We now know what the Tampa Bay Rays’ proposed Ybor City ballpark will look like.
On Tuesday, the team — which in February announced that its preferred new home is in the historic district — shared plans (plus hot dogs, cotton candy and popcorn) with media, city officials and invited guests during a 2 p.m. press conference inside a very celebratory Italian Club, just a few blocks from the 14-acre site that the proposed park would sit on.
Principal owner Stuart Sternberg, team presidents Brian Auld and Matt Silverman, chief development officer Melanie Lenz, and members of international architecture firm Populus — which designed the Rays’ Port Charlotte spring training facility— were on hand to reveal the plans, which feature a translucent roof, synthetic turf and a total capacity of 30,842. There would be a total of 28,216 fixed seats in the stadium with 14,348 at field level, 5,230 on the loge level and 5,138 in the terrace. The capacity would make it the smallest ballpark in Major League Baseball.
There will also be 21 distinct viewing platforms and social gathering spaces which are connected by a 360-degree concourse featuring complete views of the playing field.
Fountain seating, bullpen bars that bring players closer to fans, a brewpub and the famous stingray touch tank are also included in plans. Planners even envision seeing Fourth Avenue occasionally shut down on game day the same way the Boston Red Sox close Yawkey Way.
The estimated price tag has not yet been revealed at this point of the press conference.
The total pricetag though? Just north of $892 million. The ballpark is projected to cost $809 million with additional infrastructure costs of $83 million and could be complete for Opening Day 2023. The glass-domed roof is 30-percent of the total cost and will cost $244,951,026. Team officials said that a retractable roof does not make sense when site restrictions plus construction and operation budget are considered.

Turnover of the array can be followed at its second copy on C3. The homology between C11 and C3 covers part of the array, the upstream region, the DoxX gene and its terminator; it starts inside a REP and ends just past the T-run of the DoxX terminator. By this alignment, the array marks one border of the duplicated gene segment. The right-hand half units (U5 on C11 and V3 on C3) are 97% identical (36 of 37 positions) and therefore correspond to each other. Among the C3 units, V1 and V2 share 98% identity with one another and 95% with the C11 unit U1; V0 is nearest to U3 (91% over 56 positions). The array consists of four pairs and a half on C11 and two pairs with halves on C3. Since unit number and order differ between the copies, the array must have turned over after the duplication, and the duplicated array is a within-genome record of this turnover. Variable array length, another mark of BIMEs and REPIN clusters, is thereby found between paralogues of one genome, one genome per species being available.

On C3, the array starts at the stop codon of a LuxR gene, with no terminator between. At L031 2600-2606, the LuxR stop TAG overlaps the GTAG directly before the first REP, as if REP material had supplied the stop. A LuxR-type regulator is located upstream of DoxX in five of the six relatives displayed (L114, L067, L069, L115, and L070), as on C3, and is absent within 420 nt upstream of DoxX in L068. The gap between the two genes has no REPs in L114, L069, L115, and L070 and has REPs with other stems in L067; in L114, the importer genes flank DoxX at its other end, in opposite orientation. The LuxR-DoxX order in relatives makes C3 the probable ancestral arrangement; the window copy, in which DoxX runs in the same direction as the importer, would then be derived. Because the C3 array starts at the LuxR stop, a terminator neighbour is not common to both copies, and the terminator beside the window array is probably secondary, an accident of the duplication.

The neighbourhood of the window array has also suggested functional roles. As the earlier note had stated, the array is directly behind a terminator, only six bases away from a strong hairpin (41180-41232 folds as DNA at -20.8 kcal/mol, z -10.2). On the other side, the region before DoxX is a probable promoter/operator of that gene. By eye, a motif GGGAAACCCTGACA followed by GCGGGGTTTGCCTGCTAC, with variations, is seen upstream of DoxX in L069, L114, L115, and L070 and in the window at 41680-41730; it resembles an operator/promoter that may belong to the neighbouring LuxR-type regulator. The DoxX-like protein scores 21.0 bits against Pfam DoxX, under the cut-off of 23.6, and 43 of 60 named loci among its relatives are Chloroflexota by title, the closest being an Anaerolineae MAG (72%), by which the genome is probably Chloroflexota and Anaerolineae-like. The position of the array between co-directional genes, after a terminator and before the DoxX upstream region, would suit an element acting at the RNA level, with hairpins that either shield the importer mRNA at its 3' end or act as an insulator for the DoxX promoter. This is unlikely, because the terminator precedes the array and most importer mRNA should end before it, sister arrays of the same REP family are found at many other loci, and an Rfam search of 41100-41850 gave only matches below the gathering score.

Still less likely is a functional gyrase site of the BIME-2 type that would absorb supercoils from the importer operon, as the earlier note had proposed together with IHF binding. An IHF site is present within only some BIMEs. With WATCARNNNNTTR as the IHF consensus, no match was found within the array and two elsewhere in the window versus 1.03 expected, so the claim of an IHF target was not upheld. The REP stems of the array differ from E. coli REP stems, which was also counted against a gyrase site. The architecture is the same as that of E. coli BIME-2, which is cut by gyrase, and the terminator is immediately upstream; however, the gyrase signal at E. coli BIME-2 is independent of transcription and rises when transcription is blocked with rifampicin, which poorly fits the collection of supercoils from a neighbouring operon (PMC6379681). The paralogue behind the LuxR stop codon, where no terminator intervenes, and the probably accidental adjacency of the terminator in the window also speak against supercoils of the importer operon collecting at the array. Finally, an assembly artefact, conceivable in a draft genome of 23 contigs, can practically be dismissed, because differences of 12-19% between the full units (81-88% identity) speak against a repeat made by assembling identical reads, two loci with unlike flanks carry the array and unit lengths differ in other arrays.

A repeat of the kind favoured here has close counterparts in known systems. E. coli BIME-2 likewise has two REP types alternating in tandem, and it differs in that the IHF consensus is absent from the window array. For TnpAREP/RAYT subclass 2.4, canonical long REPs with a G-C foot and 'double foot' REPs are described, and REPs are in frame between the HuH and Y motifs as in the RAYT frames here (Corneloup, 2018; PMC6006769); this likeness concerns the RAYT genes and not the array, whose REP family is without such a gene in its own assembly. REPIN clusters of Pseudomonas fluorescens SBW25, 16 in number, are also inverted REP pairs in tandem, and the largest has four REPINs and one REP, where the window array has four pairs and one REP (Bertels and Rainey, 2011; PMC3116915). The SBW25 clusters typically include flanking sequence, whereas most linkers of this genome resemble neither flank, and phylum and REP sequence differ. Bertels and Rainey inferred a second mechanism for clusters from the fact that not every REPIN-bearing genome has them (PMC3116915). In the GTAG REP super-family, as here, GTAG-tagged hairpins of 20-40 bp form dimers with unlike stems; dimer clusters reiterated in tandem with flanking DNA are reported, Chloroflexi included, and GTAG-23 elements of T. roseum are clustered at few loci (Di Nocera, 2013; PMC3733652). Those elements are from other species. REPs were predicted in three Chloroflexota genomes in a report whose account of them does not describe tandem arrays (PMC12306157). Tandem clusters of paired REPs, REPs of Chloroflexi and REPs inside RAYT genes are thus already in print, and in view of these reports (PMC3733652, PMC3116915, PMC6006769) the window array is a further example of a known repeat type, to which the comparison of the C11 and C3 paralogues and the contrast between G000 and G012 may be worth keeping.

Infrastructure investments include necessary public realm and safety improvements. Mobility and resiliency improvements are also part of the plans. Relocation of the TECO substation and site acquisition cost are not included in cost estimates.
Before Tuesday’s conference, The Rays had yet to officially disclose how much they would be willing to pay. So who's paying for this thing?
“We do not have those answers yet,” Auld said, adding that he's happy that the ballpark has a scope, projected cost plus an organization, local allies and fans excited to make the dream a reality.
Both Hillsborough Commissioner Ken Hagan — who helped open the door for the Rays to pursue a move to Tampa — and Mayor Bob Buckhorn have said raising taxes is not an option, but the Tampa Bay Times said that money set aside for community improvement projects could be used for utility lines and road realignment to support a ballpark. Profits from surrounding development may also be part of the financing plan.
Parking hawks should know that a 1,000 space garage is to be constructed adjacent to the site, and that stadium planners think that 10,000 spaces will be needed to accommodate maximum parking demand. According to the team, 23,3000 spaces are within a one mile radius of the ballpark with more than 10,000 of those spaces available within a 10-minute walk.
What no one in the press conference really talked about was the way that Ybor's ongoing, seemingly inevitable, transformation will change the lives of business owners who don't own the titles of the buildings they operate out of. The district has already seen the extermination of beloved establishments like Czar (future home of a boutique hotel) and long-running music venue New World Brewery (bulldozed to make way for condos), and as property values rise the question about what's authentically Ybor continues to come up. Is it the coffee shops? Cigar joints? Live music venues? What happens when landlords cash out and more beloved Ybor City haunts have to find new homes?
More info on the ballpark is available at ballparkreimagined.com.